MADRID – Adding creative glamor to this year’s edition, Sofia Coppola, Willem Dafoe, Gael Garcia Bernal and Denmark’s Nicolas Winding Refn have joined the Jury of the 67th Cannes Festival.

They will be accompanied by France’s Carole Bouquet, Iran’s Leila Hatami, China’s Jia Zhangke, and South Korea’s Jeon Do-yeon, the Cannes Festival confirmed Monday.

As already announced, Jane Campion will serve as Jury president. The Jury – as the Cannes Festival notes at a time when fest supremo Thierry Fremaux is still coming under fire for the number of women directors selected for Cannes – will have five women and four men.

It also has broad geographical range. “Cannes has always sought to adopt a universal and international approach, and in tune with this tradition, Campion will be surrounded by eight luminaries of world cinema, from China, Korea, Denmark, Iran, the United States, France and Mexico,” the Festival said in a statement.

The Jury will also feature four directors whose movies have had a major impact at Cannes Festival, stirring debate and often winning top prizes, as was the case with Campion’s “The Piano,” the only movie by a woman director to win the Festival’s Palme d’Or. Following her “The Virgin Suicides,” a high-profile debut in Cannes’ Directors’ Fortnight, her 2006 Cannes Competition player “Marie-Antoinette” created controversy for its wilful anachronisms and a focus on a young queen enjoying her youth sans continued historical contextualization.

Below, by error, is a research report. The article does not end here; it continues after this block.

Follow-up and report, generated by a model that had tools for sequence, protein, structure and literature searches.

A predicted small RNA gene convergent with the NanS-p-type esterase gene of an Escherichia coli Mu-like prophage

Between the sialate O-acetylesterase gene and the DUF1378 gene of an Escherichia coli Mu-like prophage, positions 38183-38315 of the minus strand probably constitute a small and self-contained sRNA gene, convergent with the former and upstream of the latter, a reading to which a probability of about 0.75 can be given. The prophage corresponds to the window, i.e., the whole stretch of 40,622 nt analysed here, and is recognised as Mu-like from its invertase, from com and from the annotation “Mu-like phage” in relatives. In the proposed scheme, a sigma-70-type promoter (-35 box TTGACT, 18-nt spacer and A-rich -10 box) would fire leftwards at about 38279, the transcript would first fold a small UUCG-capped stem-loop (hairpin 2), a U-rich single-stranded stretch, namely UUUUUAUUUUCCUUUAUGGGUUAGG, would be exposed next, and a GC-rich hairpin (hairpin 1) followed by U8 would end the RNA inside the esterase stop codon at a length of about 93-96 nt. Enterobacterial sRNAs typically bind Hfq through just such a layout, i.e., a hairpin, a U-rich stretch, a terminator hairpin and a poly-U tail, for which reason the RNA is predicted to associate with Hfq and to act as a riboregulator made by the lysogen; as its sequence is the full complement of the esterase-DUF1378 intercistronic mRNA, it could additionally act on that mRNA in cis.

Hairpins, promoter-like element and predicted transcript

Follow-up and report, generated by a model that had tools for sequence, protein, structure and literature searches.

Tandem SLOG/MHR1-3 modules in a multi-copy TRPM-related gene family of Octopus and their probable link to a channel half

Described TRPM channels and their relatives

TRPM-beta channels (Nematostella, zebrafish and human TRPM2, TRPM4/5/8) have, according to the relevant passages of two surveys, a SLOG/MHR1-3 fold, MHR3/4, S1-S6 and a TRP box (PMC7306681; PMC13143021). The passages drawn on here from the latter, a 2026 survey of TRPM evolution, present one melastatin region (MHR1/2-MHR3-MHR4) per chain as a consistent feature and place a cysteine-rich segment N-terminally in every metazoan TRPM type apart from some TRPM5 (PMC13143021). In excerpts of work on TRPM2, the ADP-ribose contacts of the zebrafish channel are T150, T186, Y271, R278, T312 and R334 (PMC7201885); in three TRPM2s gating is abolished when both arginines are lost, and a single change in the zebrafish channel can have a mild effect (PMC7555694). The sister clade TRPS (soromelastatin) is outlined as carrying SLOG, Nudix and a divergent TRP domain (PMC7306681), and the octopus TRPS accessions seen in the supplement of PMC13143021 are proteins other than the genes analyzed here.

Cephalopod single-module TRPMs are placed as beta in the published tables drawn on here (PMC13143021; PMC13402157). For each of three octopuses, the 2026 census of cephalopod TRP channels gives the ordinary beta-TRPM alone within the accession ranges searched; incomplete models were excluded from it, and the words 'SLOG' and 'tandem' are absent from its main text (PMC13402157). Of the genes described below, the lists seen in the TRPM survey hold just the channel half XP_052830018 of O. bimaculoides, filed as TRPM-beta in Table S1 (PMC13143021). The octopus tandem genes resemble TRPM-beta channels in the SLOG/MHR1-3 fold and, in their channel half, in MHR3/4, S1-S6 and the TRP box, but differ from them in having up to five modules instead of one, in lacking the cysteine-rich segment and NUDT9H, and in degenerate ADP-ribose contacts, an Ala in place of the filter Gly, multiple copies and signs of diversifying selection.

Winding Refn “Drive” prived the highlight’s of 2011’s edition for many attendees, boosting Ryan Gosling’s star status and ushering in a clutch of U.S. films at Cannes which sat midway between auteuristic and more mainstream cinema. Jia’s “Unknown Pleasures,” “24 City” and A Touch of Sin” all played Cannes, the last two in competition, making him one of the highest-profile Chinese directors at the event.

Defoe was at Cannes with Lars von Trier’s “Antichrist,” a competition player that won Charlotte Gainsbourg best actress and again split critics.

The star of Chilean Pablo Larrain’s “No,” one of the biggest Latin American hits at Cannes in recent years, Mexican Garcia Bernal is a driving force behind cutting-edge Latin American production as a thesp, giving fims more potential market reach, a director – of “Deficit,” which played Cannes 2010 Critics’ Week – and a producer partner at Mexico City and L.A-based Canana Films.

Hatami broke through internationally starring in Asghar Farhardi’s Berlin Golden Bear and Oscar-winning “A Separation.” Jeon became the first Korean thesp to win Best Actress at Cannes for her performance in Lee Chang-dong’s 2007 ”Secret Sunshine.”

Festival’s competition winners will be announced Saturday May 24. The Palme d’Or winner will be screened the following day at the festival’s Sunday evening closing ceremony in the presence of the Jury and team of the winning movie.